With cancer currently the second leading cause of death in the United States, cancer prevention is a top research priority. A limitation of the conduct of cancer prevention trials is that they are very costly as they require a large cohort of participants and several years of follow-up to adequately assess primary outcomes. However, the use of secondary data sources to augment clinical trial data collection could alleviate some of the cost burden and substantially increase follow-up time after trials end. In a recently published study in the Journal of the National Cancer Institute, Dr. Joseph Unger and researchers from the Public Health Sciences Division utilized Medicare claims to facilitate the assessment of long-term prostate cancer risk in participants of the Prostate Cancer Prevention Trial (PCPT). “These secondary data sources are emerging as a new paradigm for long-term follow up for cancer clinical trials. It’s an exciting new avenue of research,” said Dr. Unger.
Prostate cancer is common in men and it is estimated that approximately one in seven will be diagnosed with it in his lifetime. The PCPT was a randomized, placebo-controlled trial designed to test whether finasteride, a drug prescribed for conditions such as an enlarged prostate and male pattern hair loss, reduces the risk of developing prostate cancer. The trial began in 1993 and over the course of the study a total of 18,880 men 55 years of age or older were randomized to placebo or finasteride daily for up to seven years.
The original results from the PCPT revealed that the relative risk for prostate cancer was reduced by 25% in men on the finasteride intervention arm. This result was based on analysis of seven years of follow-up from the time of randomization. However, analyses of the original clinical trial data alone could not address a number of related questions, such as whether the protective effect of finasteride endures long term or whether it only delays the onset of prostate cancer rather than prevents it.
In the new study, the authors assessed long-term development of prostate cancer in PCPT participants beyond the seven years of follow-up that formed the basis of the original trial. Dr. Unger explained the methodology for the new analyses, “We used an innovative linkage between the clinical records of the PCPT and Medicare claims data to examine outcomes for trial participants many years after the original clinical trial had ended.” More than 14,000 participants (75% of both placebo and finasteride arms) had Medicare claims that met study criteria for linkage to the trial records. By combining the two data resources, the authors were able to examine prostate cancer diagnoses for a median of 16 years of participant follow-up from the time of randomization (see figure).
Over the 16 years of follow-up, a total of 3,244 prostate cancer cases were diagnosed with more in the placebo arm (1,805) than in the finasteride arm (1,439). Thus, the cumulative incidence was 22.3% for the placebo group and 18.1% for finasteride group over the extended period. Additional analyses revealed that once protocol-directed finasteride use was stopped at seven years, the protective effect largely did not diminish over time. This is supported by the finding that overall, participants on the finasteride arm had a relative reduction in the development of prostate cancer of 21.1% over the 16-year window. However, there was also no additional benefit of finasteride beyond the seven years of use.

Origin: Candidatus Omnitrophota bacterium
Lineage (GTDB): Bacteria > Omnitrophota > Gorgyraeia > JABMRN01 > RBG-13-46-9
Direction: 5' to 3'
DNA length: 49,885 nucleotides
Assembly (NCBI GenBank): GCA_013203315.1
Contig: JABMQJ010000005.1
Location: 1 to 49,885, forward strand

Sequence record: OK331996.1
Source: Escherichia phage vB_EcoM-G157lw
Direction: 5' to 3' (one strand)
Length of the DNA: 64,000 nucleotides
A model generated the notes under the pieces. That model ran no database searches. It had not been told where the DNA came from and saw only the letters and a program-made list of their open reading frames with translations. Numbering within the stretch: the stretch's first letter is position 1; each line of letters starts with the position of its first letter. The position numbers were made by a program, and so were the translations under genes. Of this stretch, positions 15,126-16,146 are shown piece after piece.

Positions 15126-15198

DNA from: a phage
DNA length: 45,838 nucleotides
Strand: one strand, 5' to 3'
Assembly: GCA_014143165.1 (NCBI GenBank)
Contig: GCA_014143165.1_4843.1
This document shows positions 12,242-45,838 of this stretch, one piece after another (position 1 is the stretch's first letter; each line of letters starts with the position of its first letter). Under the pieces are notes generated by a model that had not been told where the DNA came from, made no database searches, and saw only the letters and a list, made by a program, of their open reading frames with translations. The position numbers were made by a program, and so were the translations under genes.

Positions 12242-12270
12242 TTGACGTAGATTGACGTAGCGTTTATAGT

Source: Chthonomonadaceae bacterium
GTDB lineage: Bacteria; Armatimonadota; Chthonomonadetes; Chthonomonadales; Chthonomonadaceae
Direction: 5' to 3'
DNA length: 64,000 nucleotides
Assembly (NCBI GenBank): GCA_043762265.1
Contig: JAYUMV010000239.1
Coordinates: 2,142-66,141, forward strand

Dr. Unger indicated that the results suggest that “seven years of finasteride can reduce prostate cancer diagnoses over a much longer period than was previously known.” This study also demonstrates an advantage of incorporating health indices obtained from secondary data sources into datasets from trials, which “can enhance the ability to detect outcomes over the long term from prospective clinical studies,” noted Dr. Unger. This is supported by the current study, in which 42% more cases of prostate cancer were identified by the use of the Medicare claims. This result also emphasizes the effectiveness and impact of using Medicare claims specifically in the study of diseases of older individuals.
The combination of the two data sources for assessment of PCPT outcomes provide a rich resource that can also be utilized to address additional follow-up questions. When asked about the direction of future studies, Dr. Unger said, “Our next objective is to examine the extent to which finasteride use limited the total burden of treatments from prostate cancer and the complications of those treatments for participants on the PCPT, and to map the potential impact on reduced treatments and complications onto the U.S. population of older men.”
This research was supported by the National Cancer Institute.
Unger JM, Hershman DL, Till C, Tangen CM, Barlow WE, Ramsey SD, Goodman PJ, Thompson IM, Jr. 2018. Using Medicare claims to examine long-term prostate cancer risk of finasteride in the prostate cancer prevention trial. Journal of the National Cancer Institute. doi:10.1093/jnci/djy035.
Basic Sciences Division
Human Biology Division
Maggie Burhans, Ph.D.
Public Health Sciences Division
Vaccine and Infectious Disease Division
Clinical Research Division
Julian Simon, Ph.D.
Clinical Research Division
and Human Biology Division
Arnold Digital Library